GLENDALE, Ariz. — On a day when Jose Abreu and Yoan Moncada took live batting practice for the first time this spring, off in the distance was a lanky White Sox prospect standing in the outfield grass.

But Alec Hansen was doing more than shagging flies. He was watching both hitters very closely.

“I was looking to see how much pop they had,” Hansen said of Abreu and Moncada. “I kind of look at that to see the difference in power between minor league ball and the major leagues. It’s nice to see it’s not a huge difference. That makes me feel a bit more comfortable.”

At 6-foot-8 — actually 6-foot-8-and-a-half, according to his spring training physical — Hansen is a big man with big plans for his baseball career. He might be quiet on the outside, but he has booming expectations for himself on the inside.

“I want to be the best,” Hansen said in an interview with NBC Sports Chicago.

The best? The very best?

That’s what Hansen aspires to become, though later in our conversation, he did dial back a notch, settling for becoming “one of the best.”

Either is fine with manager Ricky Renteria, who is overseeing these uber-confident White Sox prospects and accepts their lofty expectations.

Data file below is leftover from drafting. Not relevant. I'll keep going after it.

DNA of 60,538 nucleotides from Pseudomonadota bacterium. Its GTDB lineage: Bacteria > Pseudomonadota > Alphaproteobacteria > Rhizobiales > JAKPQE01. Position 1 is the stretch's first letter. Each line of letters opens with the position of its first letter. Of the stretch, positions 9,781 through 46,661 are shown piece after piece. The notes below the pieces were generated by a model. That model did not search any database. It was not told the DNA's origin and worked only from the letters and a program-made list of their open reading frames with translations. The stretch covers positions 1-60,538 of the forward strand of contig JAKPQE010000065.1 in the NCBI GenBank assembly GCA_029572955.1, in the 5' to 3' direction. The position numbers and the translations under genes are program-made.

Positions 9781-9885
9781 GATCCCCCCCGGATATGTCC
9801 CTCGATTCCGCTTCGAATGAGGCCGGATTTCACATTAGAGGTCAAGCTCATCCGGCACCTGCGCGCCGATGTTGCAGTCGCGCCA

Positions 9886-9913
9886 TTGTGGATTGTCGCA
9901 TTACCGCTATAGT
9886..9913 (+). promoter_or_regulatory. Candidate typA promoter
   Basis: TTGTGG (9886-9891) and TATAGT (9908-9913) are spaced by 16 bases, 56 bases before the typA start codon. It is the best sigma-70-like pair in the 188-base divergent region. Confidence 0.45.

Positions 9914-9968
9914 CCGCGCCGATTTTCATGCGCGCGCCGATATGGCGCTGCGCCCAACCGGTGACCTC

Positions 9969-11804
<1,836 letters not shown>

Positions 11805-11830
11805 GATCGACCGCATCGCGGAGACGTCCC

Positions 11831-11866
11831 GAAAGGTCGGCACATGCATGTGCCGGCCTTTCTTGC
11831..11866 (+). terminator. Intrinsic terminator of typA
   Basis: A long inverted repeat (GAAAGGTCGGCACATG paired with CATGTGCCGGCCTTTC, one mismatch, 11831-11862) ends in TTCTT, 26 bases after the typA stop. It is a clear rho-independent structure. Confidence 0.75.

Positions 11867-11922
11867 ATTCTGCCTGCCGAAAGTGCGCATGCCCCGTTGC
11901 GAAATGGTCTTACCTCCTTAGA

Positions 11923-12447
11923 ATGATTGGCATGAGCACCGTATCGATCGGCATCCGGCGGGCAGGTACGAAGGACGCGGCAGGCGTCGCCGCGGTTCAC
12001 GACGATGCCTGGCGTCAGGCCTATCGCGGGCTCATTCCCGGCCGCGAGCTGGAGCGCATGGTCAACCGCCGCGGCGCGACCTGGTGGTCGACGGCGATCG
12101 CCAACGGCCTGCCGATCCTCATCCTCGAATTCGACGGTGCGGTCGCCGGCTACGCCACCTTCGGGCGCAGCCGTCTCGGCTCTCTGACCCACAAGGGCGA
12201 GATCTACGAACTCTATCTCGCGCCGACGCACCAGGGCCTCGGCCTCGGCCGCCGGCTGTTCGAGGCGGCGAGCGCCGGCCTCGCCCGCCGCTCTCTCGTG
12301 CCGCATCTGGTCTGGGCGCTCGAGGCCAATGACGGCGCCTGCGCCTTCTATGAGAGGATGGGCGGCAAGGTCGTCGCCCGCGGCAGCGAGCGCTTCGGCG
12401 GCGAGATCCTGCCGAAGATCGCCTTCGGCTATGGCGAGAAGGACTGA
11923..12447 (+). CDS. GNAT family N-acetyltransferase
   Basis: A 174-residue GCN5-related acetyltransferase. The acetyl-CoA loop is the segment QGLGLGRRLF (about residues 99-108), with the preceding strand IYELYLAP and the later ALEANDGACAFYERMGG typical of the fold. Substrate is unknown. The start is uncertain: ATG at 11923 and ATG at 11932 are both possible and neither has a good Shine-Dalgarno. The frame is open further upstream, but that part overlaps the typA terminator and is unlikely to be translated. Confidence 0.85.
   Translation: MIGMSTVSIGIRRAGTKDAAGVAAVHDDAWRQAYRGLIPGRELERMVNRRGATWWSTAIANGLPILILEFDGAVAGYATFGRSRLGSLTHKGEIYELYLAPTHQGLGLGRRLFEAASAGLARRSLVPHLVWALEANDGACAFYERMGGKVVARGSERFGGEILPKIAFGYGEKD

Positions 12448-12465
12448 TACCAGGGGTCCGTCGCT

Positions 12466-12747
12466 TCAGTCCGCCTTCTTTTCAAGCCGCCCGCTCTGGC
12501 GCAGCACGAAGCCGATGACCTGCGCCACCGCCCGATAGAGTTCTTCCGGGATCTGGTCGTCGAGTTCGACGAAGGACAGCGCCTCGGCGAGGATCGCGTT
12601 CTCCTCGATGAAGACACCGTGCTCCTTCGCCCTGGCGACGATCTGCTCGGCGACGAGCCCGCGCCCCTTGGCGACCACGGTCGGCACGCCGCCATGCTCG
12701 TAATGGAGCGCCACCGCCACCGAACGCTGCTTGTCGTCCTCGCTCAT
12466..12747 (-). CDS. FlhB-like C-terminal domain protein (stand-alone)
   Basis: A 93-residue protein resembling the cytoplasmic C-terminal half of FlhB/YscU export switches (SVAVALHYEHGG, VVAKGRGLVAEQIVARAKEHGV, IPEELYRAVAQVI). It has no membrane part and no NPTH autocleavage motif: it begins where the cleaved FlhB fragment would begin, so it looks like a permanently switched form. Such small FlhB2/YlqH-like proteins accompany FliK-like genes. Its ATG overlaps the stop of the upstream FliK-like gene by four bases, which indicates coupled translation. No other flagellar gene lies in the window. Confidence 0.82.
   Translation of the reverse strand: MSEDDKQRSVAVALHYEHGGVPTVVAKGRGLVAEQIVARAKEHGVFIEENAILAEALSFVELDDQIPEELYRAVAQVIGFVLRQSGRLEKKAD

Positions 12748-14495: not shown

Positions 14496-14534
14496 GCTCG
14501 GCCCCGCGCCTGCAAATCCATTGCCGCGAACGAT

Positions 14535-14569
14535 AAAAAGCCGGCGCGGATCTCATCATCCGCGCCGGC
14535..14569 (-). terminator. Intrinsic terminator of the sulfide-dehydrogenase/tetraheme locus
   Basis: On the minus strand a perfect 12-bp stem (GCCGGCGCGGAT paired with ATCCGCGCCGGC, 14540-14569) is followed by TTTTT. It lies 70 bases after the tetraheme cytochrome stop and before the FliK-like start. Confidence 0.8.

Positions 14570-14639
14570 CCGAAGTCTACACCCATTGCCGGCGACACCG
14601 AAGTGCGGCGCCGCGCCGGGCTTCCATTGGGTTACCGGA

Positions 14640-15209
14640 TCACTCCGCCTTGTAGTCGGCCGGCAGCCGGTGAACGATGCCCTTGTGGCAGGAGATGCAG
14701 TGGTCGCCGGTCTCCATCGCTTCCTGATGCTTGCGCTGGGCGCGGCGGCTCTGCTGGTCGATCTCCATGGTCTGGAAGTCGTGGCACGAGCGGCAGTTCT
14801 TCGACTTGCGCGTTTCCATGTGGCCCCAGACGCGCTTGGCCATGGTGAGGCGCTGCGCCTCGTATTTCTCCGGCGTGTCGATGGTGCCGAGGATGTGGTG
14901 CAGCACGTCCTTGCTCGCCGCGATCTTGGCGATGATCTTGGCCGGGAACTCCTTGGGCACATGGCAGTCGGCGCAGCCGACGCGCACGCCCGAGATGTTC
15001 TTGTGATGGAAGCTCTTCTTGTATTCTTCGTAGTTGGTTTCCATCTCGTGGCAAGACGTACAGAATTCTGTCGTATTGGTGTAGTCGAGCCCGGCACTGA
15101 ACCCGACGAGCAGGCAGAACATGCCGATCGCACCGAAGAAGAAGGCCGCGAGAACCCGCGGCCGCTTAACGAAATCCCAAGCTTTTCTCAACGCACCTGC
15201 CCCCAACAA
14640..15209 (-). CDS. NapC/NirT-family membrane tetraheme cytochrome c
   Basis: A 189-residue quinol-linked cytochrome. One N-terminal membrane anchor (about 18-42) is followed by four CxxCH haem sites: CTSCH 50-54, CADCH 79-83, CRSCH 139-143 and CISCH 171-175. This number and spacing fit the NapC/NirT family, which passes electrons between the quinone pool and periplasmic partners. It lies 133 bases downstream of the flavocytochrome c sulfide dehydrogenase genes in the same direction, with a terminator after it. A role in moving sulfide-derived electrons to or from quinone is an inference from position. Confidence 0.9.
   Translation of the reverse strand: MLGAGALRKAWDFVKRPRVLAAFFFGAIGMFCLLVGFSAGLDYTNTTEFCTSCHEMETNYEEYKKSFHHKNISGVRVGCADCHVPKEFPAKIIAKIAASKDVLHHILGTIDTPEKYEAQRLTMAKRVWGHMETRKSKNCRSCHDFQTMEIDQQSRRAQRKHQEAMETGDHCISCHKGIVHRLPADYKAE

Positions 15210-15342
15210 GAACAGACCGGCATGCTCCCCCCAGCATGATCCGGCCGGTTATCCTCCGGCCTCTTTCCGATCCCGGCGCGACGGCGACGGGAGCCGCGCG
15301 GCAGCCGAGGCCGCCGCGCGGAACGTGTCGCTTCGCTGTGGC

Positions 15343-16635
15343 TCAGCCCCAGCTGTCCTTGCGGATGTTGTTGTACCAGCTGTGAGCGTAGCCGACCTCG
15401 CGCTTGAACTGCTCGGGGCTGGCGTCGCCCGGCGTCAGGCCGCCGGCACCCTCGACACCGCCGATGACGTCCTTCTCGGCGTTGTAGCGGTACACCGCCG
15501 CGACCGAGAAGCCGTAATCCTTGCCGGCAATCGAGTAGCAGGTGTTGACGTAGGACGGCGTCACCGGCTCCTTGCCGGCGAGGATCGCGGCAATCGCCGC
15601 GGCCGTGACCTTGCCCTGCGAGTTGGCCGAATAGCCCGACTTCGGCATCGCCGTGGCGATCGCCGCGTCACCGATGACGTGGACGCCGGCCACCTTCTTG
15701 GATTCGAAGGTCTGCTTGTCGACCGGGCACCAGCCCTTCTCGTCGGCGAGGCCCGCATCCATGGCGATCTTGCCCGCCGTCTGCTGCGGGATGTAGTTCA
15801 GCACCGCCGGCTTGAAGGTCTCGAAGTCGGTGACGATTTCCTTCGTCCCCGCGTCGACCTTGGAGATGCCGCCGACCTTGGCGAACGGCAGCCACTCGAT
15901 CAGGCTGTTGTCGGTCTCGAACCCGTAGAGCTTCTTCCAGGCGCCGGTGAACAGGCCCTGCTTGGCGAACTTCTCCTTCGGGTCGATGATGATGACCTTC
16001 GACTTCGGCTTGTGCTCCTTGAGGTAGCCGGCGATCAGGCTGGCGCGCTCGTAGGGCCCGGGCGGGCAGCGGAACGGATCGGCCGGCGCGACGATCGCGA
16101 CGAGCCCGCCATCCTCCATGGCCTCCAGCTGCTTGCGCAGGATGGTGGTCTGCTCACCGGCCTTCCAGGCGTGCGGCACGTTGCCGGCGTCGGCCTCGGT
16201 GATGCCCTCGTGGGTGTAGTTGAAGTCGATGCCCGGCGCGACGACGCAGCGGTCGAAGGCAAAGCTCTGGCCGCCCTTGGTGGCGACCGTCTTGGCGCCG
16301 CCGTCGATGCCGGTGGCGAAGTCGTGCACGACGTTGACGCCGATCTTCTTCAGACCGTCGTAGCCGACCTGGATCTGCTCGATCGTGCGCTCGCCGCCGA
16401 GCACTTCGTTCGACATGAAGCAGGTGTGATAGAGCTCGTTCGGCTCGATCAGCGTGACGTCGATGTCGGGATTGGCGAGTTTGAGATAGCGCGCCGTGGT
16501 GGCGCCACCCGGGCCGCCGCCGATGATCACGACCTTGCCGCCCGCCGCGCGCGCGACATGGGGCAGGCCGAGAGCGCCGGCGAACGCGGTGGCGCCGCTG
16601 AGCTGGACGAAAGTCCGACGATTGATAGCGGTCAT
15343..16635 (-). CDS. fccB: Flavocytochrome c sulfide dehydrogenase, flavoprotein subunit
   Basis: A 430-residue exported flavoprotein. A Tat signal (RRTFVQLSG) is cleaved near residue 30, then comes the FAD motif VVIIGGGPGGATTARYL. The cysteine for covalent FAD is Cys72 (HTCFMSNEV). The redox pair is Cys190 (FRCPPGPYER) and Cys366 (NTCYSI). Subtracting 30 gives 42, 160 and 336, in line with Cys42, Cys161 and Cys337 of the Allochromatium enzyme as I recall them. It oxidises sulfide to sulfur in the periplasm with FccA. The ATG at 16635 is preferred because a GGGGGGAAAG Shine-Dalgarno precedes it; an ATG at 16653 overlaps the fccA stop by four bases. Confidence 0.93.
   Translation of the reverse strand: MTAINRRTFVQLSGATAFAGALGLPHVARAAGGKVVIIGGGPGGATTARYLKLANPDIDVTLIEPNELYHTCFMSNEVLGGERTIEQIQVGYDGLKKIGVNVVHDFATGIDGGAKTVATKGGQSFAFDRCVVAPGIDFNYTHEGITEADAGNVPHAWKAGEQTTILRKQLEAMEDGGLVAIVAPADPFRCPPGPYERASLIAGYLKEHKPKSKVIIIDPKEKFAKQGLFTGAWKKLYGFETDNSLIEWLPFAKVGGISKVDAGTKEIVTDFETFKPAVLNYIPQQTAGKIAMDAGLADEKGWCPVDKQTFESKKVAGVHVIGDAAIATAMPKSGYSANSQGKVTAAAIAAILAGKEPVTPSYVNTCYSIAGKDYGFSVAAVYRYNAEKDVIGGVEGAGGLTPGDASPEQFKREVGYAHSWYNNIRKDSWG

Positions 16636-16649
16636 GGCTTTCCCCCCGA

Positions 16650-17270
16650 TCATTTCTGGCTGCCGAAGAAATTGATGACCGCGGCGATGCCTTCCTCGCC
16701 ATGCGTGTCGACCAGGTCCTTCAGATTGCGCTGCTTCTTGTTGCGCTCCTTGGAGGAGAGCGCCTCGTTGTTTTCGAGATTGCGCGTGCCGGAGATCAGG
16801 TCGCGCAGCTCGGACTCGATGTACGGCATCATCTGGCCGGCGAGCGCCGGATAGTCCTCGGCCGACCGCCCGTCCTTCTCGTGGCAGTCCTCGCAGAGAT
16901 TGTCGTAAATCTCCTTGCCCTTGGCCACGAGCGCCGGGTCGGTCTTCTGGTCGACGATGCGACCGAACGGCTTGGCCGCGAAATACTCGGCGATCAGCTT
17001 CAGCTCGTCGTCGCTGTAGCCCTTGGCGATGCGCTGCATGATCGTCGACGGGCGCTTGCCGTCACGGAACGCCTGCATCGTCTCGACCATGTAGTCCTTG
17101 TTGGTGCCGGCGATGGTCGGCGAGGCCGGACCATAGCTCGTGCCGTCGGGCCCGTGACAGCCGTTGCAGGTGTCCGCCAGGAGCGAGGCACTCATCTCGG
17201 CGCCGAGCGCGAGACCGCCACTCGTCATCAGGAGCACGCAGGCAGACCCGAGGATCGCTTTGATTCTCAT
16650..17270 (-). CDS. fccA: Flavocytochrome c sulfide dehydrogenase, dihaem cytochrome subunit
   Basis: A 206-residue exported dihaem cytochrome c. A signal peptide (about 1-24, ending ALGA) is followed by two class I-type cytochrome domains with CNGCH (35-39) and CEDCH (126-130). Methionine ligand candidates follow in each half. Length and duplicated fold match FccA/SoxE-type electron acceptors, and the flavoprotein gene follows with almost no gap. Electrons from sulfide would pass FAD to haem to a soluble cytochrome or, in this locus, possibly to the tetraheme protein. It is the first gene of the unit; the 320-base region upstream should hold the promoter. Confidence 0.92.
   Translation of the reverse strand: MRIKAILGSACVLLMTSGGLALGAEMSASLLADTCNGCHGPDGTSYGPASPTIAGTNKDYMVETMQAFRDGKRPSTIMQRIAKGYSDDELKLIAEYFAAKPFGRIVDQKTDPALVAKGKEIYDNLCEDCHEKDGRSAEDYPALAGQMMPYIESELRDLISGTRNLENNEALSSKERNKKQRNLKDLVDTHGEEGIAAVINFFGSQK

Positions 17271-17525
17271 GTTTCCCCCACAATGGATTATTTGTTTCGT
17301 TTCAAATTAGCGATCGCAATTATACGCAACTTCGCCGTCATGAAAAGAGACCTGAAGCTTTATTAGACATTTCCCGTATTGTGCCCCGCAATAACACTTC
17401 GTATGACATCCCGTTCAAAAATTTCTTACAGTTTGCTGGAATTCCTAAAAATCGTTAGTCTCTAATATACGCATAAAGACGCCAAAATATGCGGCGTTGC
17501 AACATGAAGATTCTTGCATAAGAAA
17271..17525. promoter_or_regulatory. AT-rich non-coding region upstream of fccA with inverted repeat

“I think their mindset is where it’s supposed to be,” Renteria said. “None of these kids are concerned or consumed with the possibility of failure. Much more they’re consuming themselves with the understanding that they might hit some stumbling blocks, but they’re going to have a way to avoid overcoming them and push forward and be the best that they can be.”

In his first full season in the White Sox organization, Hansen led the minor leagues with 191 strikeouts. He’s proud of that accomplishment but admitted something: He’s not that impressed because he didn’t do it where it really matters — in the major leagues.

When you watch Hansen pitch, it’s easy to see that the talent is there. His coaches and teammates rave about his ability. With his enormous size and power arm, he is loaded with strengths.  

Though there is one weakness that Hansen acknowledges he needs to work on.

“Sometimes I have a tendency to think too much and worry. I think worrying is the worst thing that I do just because I want to be perfect,” Hansen said. “I think everyone wants to be perfect, some more than others, and I worry about things getting in the way of achieving perfection.”